‘Awful’ – National media says the same thing about Chelsea after Leicester FA Cup drama

By Staff

Predicting Chelsea from minute to minute remains a fruitless exercise. The club’s continued defiance to taking control, seeing out matches, riding through tough periods, playing for calmness, or doing the expected is certainly entertaining, if not massively frustrating.

Against Championship leaders – at the time – Leicester, they showed the full range of brilliance worthy of competing for a top-four place in the Premier League as well as levels of chaotic destruction that an Under-11 side would shudder at the thought of. Are you not entertained?

For the first 45 minutes, in which they ended up leading 2-0 but had already started to turn sour after a series of increasingly jarring Raheem Sterling misses, there was relative ease within the ground. Chelsea were comfortable if not spectacular, looking able to score or at least get the ball into the opposition box at will. On the other hand they were extremely open in transition and have only poor end product to thank for not being punished.

The familiar sense of second-half blues kicked in when Axel Disasi somehow managed to usurp Robert Sanchez’s misplaced pass earlier in the campaign to Declan Rice for the biggest defensive blunder. His halfway line own goal would have made most laugh even in the circumstances if it hadn’t meant almost inevitable self-destruction to follow.

Then came the Leicester siege and the equaliser. Chelsea’s opening – a red card for Callum Doyle – came courtesy of a simple punt downfield that really shouldn’t be splitting open teams at any level. Sterling boos and yet more chants aimed at Mauricio Pochettino came and went before three moments of quality that the preceding 20 minutes really didn’t deserve.

Cole Palmer did the Cole Palmer thing, Carney Chukwuemeka showed why he has been so missed this campaign and Noni Madueke fired in a long-range belter to cap off a staggering match that not even Chelsea can claim to understand the most of. For those that have watched the Blues this season, it was yet another demonstration of barmy tides just happening.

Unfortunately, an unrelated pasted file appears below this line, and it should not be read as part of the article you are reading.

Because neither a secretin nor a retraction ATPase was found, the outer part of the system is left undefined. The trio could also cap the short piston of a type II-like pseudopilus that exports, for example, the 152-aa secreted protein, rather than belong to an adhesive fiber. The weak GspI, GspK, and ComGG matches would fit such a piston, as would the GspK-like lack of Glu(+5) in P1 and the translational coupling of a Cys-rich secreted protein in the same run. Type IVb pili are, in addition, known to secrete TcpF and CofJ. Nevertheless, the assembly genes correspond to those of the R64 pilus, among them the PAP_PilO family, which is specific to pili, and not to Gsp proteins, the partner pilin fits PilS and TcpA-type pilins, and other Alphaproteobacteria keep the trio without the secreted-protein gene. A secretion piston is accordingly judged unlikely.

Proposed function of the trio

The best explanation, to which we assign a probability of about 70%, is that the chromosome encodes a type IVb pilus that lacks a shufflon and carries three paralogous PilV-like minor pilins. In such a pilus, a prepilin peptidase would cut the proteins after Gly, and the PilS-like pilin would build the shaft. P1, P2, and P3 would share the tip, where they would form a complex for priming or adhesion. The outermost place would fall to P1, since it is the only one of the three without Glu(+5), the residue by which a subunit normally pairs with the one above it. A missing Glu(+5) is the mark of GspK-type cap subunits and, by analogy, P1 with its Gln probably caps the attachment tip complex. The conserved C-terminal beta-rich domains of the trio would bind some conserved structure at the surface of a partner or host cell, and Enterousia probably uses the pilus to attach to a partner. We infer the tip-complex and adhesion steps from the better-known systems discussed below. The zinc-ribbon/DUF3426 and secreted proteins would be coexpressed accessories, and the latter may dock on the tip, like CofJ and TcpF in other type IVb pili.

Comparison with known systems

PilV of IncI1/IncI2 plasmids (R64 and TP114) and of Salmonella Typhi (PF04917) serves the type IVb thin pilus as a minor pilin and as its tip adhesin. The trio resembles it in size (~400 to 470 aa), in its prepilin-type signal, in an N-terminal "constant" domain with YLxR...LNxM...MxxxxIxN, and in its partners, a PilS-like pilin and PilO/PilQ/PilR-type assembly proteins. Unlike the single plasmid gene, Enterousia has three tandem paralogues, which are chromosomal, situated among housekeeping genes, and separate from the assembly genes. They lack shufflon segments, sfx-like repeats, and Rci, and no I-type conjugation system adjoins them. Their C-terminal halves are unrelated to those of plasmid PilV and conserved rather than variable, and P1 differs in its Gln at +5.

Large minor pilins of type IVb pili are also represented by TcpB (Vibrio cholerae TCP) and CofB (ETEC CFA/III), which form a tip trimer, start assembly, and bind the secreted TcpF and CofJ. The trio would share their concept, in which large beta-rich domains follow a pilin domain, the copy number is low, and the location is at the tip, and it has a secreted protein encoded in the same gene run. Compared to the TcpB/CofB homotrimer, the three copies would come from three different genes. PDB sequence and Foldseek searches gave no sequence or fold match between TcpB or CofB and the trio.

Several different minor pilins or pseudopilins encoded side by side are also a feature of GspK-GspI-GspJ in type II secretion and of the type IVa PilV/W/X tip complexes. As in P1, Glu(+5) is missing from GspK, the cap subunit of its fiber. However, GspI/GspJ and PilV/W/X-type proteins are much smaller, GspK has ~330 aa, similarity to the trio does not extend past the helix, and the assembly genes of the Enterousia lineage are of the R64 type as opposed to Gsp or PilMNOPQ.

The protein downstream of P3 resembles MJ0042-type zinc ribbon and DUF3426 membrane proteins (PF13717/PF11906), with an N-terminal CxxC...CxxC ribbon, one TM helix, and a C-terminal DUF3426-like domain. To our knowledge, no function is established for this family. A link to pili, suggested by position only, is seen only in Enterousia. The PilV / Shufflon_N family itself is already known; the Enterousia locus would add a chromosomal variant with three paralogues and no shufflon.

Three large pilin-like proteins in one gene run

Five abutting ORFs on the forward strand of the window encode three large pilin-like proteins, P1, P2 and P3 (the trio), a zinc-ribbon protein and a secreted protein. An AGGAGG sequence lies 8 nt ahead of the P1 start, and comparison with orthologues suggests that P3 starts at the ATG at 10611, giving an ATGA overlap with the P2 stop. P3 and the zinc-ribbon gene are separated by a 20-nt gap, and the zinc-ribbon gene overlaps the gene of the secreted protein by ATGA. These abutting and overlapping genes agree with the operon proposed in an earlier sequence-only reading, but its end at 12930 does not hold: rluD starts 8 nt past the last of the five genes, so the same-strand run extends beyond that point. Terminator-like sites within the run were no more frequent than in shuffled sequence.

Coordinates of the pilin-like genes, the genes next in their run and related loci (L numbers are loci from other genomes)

READ MORE: Raheem Sterling woeful, Cole Palmer superb – Chelsea player ratings vs Leicester in FA Cup win

READ MORE: Every word Mauricio Pochettino said on Raheem Sterling boos, Mudryk substitution and Wembley

Here is how it went down with the wider national media.


Former Chelsea winger and BBC Radio Five Live co-commentator Pat Nevin picked out Sterling for some tough analysis. “The storyline with Raheem Sterling, even before he missed his penalty, he wasn’t having a good day,” the Scotsman said.

“He was having a stinker. He really wasn’t having a good day. His decision-making was awful. When he took that free-kick near the end, which almost made it into the second tier of the Matthew Harding Stand, it was almost difficult do it, the entire crowd turned on him.”

Jonathan Wilson focused on the inconsistency at show at Stamford Bridge. “Blink often enough and you can persuade yourself things are beginning to come into focus for Chelsea,” he wrote. “This side are a long way from the sort of consistency that would allow them to mount anything resembling a title challenge, shaky at the back even when they’re not scoring spectacular own goals, but there are perhaps just signs that the front part of the team, tentatively, uncertainly, is beginning to emerge from the fog.

“Nicolas Jackson is emblematic of the project. The Senegal forward is still only 22 and had started just 16 top-flight games when he arrived from Villarreal last summer. Perhaps had Christopher Nkunku been fit, less would have been expected of him – although given Nkunku is not an out‑and‑out striker, perhaps not – but, as it was, Jackson was expected to lead the line straight away.”

Nizaar Kinsella also looked towards Sterling. “In remarkable second-half scenes, Sterling was booed and there were chants of ‘get him off’ from the Matthew Harding End.

“It came moments after he skied a free-kick high into the stand after Callum Doyle was sent off for his last-man foul. Sterling had earlier missed a penalty and a one-on-one, but got an excellent assist for Palmer to make partial amends during a difficult first half.

“The home supporters booed Pochettino’s decision to take off Mykhailo Mudryk instead of Sterling when Carney Chukwuemeka came on the pitch. Where does Sterling, who looks low on confidence, go from here?”

Miguel Delaney writes: “A turnaround in a few senses, on the day, and even in decades.

“Chelsea’s private equity owners are essentially subjecting the squad to an unseen experiment in modern football recruitment but all it seems to have done for the moment is to return the club to something like the mid-1990s. They are erratic cup specialists who look like they have potential but so many issues.

“This 4-2 FA Cup win over Leicester City put them into their second domestic semi-final of the season. The game was raucous and hugely entertaining but there were spells when the crowd was raging at Mauricio Pochettino.

“That was particularly the case when Chelsea dropped a 2-0 lead and two substitutions were questioned – especially when Mykhailo Mudryk was taken off for Carney Chukwuemeka, meaning the erratic Raheem Sterling was left on. Pochettino was then vindicated by the outcome. Whatever the thinking, it worked: Chukwuemeka scored the brilliant match-winning goal.”

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